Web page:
I wasn’t at the Engagement Debate hosted by VideoEgg last week in New York. But from what I could decipher through the press afterwards, VideoEgg is now offering a cost-per-engagement model for video advertising online.
According to VideoEgg, if a viewer initiates the interaction with a video ad by rolling over it, or clicking into it, that constitutes engagement.
And, in a sense, they’re right. The viewer has “engaged” with the advertising message. And that should indeed be worth something to an advertiser.
But so too should the length of time that the viewer stays involved with the message that they’ve engaged with. And, as far as I could tell from what I read, viewer time-spent data is not part of the VideoEgg offering.
Which means, viewers could “engage” in a sixty-second spot and leave after only one second. Or, viewers could “engage” in a sixty-second spot and watch all sixty seconds.
The cost to the advertiser, according to VideoEgg, is the same. But the results certainly would not be.
In the example above, having viewers watch 100% of the spot certainly offers more “engagement value” to the advertiser than having viewers watch just 1% of the spot.
Can VideoEgg charge for this added value?
No. After all, they, themselves, did nothing to create the value. Once viewers click into the message itself, the responsibility for the time-spent, or not spent with that message, transfers to the agency that created it.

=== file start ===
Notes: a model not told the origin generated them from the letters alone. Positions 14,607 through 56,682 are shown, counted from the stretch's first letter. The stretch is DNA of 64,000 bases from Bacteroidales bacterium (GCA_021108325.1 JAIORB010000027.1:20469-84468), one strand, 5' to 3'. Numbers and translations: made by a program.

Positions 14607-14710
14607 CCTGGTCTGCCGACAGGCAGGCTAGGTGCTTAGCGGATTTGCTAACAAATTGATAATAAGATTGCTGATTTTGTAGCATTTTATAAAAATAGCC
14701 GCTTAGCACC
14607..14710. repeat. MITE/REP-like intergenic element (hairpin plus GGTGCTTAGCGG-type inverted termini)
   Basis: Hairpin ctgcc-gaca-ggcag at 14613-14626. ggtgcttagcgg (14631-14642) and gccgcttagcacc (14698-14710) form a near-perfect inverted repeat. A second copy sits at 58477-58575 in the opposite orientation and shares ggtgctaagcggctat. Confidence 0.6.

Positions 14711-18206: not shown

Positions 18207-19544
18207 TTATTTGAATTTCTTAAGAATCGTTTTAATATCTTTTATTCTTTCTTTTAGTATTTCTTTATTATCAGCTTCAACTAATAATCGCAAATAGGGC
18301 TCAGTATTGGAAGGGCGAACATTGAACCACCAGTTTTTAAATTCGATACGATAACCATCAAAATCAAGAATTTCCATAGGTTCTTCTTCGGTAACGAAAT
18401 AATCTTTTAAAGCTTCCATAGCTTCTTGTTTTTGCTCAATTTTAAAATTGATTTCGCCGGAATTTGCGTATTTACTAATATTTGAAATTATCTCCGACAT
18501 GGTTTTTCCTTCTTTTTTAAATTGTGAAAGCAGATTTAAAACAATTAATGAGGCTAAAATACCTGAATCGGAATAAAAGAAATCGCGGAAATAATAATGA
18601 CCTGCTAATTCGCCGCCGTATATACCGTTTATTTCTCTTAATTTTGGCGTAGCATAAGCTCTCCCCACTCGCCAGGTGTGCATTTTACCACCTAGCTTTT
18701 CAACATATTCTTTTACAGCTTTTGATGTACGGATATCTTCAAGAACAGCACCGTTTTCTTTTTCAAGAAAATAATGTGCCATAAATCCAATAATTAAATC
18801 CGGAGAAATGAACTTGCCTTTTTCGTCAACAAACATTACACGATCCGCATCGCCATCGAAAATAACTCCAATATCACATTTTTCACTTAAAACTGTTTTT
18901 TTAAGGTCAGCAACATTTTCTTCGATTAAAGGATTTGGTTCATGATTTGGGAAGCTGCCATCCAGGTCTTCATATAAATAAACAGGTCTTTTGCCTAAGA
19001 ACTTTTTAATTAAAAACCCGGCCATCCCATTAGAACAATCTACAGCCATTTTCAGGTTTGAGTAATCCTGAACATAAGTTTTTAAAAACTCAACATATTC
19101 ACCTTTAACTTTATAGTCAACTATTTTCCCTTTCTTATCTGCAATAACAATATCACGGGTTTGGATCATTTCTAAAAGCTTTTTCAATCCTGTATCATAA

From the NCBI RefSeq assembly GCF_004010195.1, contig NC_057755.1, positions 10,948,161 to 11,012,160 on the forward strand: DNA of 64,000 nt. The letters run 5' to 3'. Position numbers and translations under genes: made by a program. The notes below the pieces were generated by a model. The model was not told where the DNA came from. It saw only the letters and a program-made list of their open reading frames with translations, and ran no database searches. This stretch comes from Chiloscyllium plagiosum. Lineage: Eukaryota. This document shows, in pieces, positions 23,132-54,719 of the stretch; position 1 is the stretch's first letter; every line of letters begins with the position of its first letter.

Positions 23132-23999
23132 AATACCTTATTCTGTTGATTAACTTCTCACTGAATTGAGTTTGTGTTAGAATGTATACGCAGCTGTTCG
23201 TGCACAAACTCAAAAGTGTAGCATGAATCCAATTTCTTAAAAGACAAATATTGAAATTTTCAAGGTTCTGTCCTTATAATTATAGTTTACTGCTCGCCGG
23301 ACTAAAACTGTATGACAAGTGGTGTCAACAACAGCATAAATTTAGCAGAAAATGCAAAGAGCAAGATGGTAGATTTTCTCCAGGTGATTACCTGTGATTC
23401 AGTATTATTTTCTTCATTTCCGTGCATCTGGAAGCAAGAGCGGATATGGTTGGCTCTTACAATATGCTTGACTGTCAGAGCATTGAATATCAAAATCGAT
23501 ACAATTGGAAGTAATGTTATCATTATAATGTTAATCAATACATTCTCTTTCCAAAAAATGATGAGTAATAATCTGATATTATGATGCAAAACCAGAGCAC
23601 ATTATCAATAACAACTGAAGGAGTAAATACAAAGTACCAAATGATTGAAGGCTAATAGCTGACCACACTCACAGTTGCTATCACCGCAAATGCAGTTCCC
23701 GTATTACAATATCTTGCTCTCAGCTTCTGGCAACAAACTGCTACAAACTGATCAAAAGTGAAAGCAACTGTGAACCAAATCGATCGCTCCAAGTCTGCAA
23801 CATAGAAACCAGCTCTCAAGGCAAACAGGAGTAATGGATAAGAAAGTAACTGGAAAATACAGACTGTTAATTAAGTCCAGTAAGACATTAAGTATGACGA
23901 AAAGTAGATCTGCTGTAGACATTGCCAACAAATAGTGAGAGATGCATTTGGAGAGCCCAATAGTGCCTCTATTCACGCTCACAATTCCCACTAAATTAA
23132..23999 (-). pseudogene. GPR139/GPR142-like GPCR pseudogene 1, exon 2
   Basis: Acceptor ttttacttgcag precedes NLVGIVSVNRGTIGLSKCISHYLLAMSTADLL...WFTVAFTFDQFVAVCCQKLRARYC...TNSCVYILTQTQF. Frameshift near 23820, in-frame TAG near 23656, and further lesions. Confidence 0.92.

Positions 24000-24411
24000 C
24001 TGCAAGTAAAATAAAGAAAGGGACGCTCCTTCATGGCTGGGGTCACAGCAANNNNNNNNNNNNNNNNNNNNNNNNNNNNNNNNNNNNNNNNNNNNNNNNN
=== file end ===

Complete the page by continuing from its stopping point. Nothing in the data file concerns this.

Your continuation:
But while VideoEgg can’t charge for actually creating this value, they can certainly charge for the information that reveals how well the agency’s efforts did, or did not, work.
In other words, the viewer time-spent data.
When VideoEgg decides to take this next step, they have a chance to break Internet-advertising wide open.
Because what they would be offering to advertisers is not just another measurement metric, but a way for branding to become accountable online.
Why is this important?
Simply because the largest budgets advertisers have at their disposal are their branding budgets. What advertisers like about the Web is its accountability. It’s been difficult to secure branding budgets for online simply because branding, up to now, hasn’t been deemed to be accountable.
But if one looked at the job of branding as that of creating long-term relationships, rather than creating short-term sales, then the online platform has a chance to make branding accountable.
Relationships between people are built through time-spent together. Are relationships created differently when it involves a brand and a person, rather than two people?
I think not.
If that’s the case, then the more time a viewer spends with an advertiser’s brand, the stronger the relationship has a chance to become.
Or, in other words, viewer time-spent data starts to make branding accountable.
Viewer time-spent can be accurately measured online if the viewer is allowed to initiate the interaction with the message. This “user-initiation” is what VideoEgg measures and has now monetized. And while that’s certainly a step in the right direction, stopping there means that what VideoEgg is actually offering is a cost-per-click for video, not a true cost-per-engagement in the message.
Engagement, while still poorly defined by our industry, does require three things for it to occur, each of which can be individually measured. 1. Exposure to the message. 2. Interaction with the message.
3. Involvement in the message.
The modern day advertising industry was built upon monetizing impressions, or exposure to a message. It was the best that could be done in an analog world.
The digital marketplace offers greater granularity. So congrats to VideoEgg for being the first to say the old ways are broken and offering a way to monetize initiation rather than impressions.
You’re certainly headed in the right direction.
Don’t stop now.